My dear readers... let me tell you of the newest film from director Philip Kaufman ("The Unbearable Lightness of Being"), a moral treatise by the name of "Quills". With a story plucked from the play by Doug Wright, it is a melodrama fashioned around the debauchery and deviancy that sprung from the disturbed mind of one Marquis de Sade. In its two-hour traffic on the screen, involving a cast of characters whose proclivities run from the pious to the perverse, a disturbing tale rife with passion and cruelty is recounted, whose meaning and context are not too far removed from the moral debates of our modern day. So I challenge you, dear readers, to lay bare your sensibilities to this celluloid concoction...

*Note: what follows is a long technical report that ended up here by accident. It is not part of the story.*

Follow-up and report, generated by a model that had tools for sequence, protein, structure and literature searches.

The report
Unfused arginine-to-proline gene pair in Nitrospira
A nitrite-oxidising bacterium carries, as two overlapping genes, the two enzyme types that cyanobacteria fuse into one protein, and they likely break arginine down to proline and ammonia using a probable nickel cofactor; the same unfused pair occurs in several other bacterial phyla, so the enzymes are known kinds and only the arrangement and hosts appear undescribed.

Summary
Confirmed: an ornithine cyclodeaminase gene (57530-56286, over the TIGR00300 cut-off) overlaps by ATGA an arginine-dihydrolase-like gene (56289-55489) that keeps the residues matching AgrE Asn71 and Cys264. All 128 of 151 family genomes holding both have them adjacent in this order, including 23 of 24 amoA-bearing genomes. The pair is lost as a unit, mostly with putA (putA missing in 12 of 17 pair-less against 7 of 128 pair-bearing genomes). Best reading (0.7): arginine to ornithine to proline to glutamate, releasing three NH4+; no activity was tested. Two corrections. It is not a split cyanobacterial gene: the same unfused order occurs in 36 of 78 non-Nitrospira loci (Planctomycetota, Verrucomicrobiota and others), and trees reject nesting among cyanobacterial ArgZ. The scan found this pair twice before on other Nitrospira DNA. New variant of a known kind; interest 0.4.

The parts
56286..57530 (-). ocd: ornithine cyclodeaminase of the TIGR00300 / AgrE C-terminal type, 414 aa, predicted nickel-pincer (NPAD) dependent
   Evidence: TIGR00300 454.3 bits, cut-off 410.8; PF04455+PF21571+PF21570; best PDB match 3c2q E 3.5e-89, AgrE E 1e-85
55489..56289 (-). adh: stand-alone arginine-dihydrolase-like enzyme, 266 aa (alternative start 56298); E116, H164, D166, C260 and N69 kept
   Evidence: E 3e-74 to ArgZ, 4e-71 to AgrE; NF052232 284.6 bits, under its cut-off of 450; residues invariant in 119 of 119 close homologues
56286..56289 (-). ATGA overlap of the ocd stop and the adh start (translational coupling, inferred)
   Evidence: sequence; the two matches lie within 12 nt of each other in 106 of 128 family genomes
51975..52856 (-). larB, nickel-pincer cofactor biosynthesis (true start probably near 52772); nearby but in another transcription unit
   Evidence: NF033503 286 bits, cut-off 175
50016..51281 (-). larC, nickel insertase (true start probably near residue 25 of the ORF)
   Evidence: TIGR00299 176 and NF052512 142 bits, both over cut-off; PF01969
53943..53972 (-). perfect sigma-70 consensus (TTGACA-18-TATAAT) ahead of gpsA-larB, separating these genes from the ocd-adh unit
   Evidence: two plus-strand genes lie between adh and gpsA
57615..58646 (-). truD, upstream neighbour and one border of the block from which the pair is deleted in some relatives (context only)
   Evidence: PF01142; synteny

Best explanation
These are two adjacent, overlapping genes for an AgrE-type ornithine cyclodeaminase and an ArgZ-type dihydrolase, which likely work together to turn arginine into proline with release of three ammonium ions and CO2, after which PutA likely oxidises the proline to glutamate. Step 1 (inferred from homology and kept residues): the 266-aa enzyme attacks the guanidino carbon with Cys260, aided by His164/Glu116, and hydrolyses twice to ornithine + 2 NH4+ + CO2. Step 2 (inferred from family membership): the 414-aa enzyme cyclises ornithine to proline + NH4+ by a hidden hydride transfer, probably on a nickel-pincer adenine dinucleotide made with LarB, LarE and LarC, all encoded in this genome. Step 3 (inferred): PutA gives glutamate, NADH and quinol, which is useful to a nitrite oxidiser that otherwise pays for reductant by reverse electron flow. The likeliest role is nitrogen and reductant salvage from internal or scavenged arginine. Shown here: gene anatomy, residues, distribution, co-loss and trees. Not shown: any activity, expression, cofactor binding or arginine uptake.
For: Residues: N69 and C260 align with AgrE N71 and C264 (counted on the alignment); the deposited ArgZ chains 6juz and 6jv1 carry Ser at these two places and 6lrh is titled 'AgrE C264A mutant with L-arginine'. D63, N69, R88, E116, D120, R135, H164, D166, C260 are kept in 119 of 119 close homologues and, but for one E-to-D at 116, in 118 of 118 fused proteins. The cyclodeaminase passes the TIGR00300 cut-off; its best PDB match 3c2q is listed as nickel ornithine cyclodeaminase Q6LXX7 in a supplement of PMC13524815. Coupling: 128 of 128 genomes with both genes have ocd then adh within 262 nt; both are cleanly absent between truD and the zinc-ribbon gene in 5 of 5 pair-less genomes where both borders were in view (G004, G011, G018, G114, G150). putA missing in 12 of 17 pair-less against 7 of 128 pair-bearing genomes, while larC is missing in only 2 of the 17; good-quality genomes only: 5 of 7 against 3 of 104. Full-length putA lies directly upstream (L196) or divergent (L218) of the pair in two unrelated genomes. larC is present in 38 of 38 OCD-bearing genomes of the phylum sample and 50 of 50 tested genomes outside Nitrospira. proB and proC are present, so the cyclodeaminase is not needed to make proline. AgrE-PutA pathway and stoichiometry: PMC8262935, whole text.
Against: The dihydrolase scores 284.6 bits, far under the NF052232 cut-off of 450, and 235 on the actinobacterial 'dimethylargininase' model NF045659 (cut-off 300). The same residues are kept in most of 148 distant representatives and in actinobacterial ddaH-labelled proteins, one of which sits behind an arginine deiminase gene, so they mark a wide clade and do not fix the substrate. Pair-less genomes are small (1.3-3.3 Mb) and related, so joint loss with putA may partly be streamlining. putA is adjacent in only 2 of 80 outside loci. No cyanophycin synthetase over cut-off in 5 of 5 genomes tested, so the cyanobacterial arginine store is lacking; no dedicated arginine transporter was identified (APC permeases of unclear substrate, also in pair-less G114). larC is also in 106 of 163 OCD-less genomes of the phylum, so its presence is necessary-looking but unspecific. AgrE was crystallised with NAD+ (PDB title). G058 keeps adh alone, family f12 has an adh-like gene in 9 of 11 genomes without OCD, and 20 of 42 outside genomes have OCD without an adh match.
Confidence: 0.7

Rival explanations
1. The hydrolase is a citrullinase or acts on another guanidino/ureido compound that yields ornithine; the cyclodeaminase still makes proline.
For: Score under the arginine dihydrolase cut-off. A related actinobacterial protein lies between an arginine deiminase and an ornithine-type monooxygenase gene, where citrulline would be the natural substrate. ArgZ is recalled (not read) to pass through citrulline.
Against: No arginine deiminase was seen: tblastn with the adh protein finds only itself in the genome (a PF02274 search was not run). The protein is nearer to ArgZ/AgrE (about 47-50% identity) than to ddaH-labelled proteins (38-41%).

Some things belong on paper, others in life. It's a blessed fool who can't tell the difference.
Our tale begins in the late Eighteenth Century, on the grounds of the Charenton Asylum for the Insane. It is here that the 61-year old Count Donatien-Alphonse-François de Sade, better known as Marquis de Sade (Geoffrey Rush of "Shine"), is imprisoned, his fate sealed by his salacious manuscripts and his predilection for carnal perversions. However, in comparison to the other unfortunate souls interred here, Sade resides in relative comfort, thanks to the influence and affluence of Sade's wife, whose monthly stipend ensures that his cell is stocked with modest luxuries, including a generous supply of paper, ink, and quills. Sade is also fortunate to find an ally in the priest who runs the asylum, Abbe Coulmier (Joaquin Phoenix of "Gladiator")-- it is his belief that salvation for Charenton's most nefarious inmate lies in purging the wicked thoughts onto the written page.